Jordan's UN Ambassador, Prince Zeid Ra'ad Zeid Al-Hussein, announced his candidacy for the top United Nations post on Tuesday, becoming the fifth candidate and the first Muslim to enter the race to succeed Secretary-General Kofi Annan whose term ends at the end of this year.
The Jordanian government sent a letter to the president of the UN Security Council, formally submitting Zeid's candidacy. A letter was also sent to General Assembly President Jan Eliasson.
Born in Amman, and educated in Jordan, Britain and the United States, Zeid, 42, has held the post as Jordan's permanent representative to the United Nation since August 2000.
He served as a UN peacekeeper in the former Yugoslavia from February 1994 to February 1996. A biographical note released by the Jordanian mission to the United Nations says he has "extensive" knowledge of UN peacekeeping affairs after "having worked intimately with peacekeeping issues for over the past decade."
An expert in the field of international justice, he played a central role in the establishment of the International Criminal Court and was elected the first president of its governing body in September 2000. Zeid currently chairs the Consultative Committee for the United Nations Development Fund for Women.
In a statement on his vision for the future of the world body, Zeid called for "a genuine renewal to make it a 21st century agent for change and progress."
"The UN's recent centrality to resolving conflicts and alleviating suffering around the world should serve - not as cause for complacency - but as a spur to deeper change as its looks to new leadership at the end of this year," said the statement.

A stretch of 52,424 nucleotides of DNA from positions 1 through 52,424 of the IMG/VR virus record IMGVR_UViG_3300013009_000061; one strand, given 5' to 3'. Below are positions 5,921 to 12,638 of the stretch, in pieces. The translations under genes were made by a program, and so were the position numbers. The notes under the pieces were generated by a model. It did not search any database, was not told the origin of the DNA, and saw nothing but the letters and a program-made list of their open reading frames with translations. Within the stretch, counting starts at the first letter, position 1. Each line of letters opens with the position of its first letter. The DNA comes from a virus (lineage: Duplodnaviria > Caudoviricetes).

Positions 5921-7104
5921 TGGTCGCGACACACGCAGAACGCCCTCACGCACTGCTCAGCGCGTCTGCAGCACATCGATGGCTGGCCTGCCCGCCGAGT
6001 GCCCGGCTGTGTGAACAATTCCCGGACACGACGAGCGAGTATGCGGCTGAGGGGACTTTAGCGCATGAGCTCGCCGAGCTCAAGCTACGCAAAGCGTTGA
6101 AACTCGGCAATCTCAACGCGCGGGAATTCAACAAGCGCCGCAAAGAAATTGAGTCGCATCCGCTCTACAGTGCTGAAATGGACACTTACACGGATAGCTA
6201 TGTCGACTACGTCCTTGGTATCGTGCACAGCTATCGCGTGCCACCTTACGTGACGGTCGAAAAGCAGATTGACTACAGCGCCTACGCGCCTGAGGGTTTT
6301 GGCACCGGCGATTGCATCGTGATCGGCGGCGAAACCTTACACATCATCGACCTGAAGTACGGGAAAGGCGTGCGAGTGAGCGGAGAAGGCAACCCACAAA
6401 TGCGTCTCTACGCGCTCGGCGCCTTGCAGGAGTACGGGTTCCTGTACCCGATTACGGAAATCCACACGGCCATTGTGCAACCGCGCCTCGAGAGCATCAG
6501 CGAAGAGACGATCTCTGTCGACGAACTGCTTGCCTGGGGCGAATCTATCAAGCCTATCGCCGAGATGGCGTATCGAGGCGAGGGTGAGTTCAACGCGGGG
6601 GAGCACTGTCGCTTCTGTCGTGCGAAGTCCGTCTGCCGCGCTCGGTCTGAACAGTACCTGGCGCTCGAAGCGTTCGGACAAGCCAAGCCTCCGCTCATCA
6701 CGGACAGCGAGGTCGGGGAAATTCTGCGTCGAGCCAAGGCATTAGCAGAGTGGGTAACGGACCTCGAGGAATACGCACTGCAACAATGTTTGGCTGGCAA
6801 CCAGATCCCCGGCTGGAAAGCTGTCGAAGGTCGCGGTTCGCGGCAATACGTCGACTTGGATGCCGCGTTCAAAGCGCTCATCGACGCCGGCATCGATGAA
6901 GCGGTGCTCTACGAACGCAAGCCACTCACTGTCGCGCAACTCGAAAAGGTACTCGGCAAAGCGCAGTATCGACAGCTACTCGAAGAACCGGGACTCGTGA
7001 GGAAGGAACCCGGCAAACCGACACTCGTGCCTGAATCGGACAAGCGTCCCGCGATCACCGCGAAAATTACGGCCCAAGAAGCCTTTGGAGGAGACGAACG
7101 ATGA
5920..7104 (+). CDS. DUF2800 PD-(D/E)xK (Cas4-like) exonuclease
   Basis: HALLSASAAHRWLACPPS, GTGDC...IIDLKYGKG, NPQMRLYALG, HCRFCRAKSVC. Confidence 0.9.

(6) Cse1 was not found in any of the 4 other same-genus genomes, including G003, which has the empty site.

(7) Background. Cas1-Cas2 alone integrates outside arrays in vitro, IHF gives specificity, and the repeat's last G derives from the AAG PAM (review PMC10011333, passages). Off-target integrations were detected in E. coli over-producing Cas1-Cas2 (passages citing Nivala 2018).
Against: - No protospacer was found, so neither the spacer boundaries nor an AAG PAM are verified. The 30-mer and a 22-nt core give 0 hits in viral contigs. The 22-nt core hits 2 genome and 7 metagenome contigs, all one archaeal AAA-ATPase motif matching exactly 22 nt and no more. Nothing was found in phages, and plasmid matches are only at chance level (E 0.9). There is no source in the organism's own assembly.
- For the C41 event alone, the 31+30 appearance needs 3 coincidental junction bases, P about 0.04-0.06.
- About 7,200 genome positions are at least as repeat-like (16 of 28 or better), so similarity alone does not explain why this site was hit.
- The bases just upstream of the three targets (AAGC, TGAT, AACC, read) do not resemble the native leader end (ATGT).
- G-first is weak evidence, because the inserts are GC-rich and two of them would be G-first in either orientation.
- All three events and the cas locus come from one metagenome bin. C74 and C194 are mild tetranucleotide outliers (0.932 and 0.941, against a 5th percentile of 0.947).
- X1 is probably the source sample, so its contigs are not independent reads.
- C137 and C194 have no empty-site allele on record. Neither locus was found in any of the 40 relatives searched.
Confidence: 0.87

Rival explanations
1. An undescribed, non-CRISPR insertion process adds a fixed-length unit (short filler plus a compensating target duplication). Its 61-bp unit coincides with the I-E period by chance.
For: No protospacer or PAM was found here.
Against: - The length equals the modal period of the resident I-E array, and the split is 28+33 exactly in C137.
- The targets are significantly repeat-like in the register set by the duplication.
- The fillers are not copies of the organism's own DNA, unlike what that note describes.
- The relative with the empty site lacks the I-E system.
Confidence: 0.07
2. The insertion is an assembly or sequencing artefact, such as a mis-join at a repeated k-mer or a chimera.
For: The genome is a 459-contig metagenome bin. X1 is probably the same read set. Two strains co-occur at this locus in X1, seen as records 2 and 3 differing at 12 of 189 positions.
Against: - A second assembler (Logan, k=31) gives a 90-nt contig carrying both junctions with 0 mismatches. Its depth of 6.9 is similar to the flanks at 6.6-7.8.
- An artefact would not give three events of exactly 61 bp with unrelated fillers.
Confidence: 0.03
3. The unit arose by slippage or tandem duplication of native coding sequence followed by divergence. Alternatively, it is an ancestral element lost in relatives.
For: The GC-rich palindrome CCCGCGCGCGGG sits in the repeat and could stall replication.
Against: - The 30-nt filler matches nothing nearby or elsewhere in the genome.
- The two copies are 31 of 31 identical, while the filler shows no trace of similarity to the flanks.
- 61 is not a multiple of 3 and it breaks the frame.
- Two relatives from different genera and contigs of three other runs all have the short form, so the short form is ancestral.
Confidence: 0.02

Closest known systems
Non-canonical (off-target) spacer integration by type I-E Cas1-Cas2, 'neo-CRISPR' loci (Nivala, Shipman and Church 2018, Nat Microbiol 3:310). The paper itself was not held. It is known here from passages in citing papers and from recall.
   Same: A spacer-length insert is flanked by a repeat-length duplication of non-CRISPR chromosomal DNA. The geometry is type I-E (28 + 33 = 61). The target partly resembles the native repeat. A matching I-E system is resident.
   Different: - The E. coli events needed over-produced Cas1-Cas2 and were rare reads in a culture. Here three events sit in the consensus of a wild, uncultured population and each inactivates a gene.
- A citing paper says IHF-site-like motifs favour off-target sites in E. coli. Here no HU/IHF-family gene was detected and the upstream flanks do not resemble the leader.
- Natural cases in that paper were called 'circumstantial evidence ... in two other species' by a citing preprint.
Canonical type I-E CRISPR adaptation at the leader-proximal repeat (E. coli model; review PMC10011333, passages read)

The UN Security Council had been accused of inaction in face of a month-long conflict between Israel and Hezbollah in Lebanon which run through mid-July to mid-August. The council passed resolution 1701 on Aug. 11 to seek an end to the 34-day conflict.
The other four announced candidates so far are all Asians, including Thai Deputy Prime Minister Surakiart Sathirathai, former UN disarmament chief and government adviser Jayantha Dhanapala of Sri Lanka, South Korean Foreign Minister Ban Ki-moon and UN Undersecretary-General for Communications and Public Information Shashi Tharoor, an Indian.
The last Asian to hold the UN post was U Thant of Myanmar, who served in 1961-71. It widely expected that the next UN secretary-general should come from Asia as part of a traditional rotation among regions. Jordan is a member of the Asian group at the United Nations.
Annan, a Ghanaian who has held the position since 1997, has said that most nations believe his successor should come from Asia. Annan is the seventh secretary-general in the 61-year-history of the United Nations.
The UN Charter stipulates that the secretary-general is appointed "by the General Assembly upon the recommendation of the Security Council." To win final approval, a candidate must receive nine votes of the 15 council members, including every vote of the veto-wielding five permanent members, namely China, France, Russia, Britain and the United States.
The council held a straw poll for the next secretary-general in late July, in which the members were asked whether they encouraged, discouraged or had no opinion about the four candidates at the time. Ban topped the poll with 12 encouragements, compared with 10 for Shashi Tharoor who came second.
(Xinhua News Agency September 6, 2006)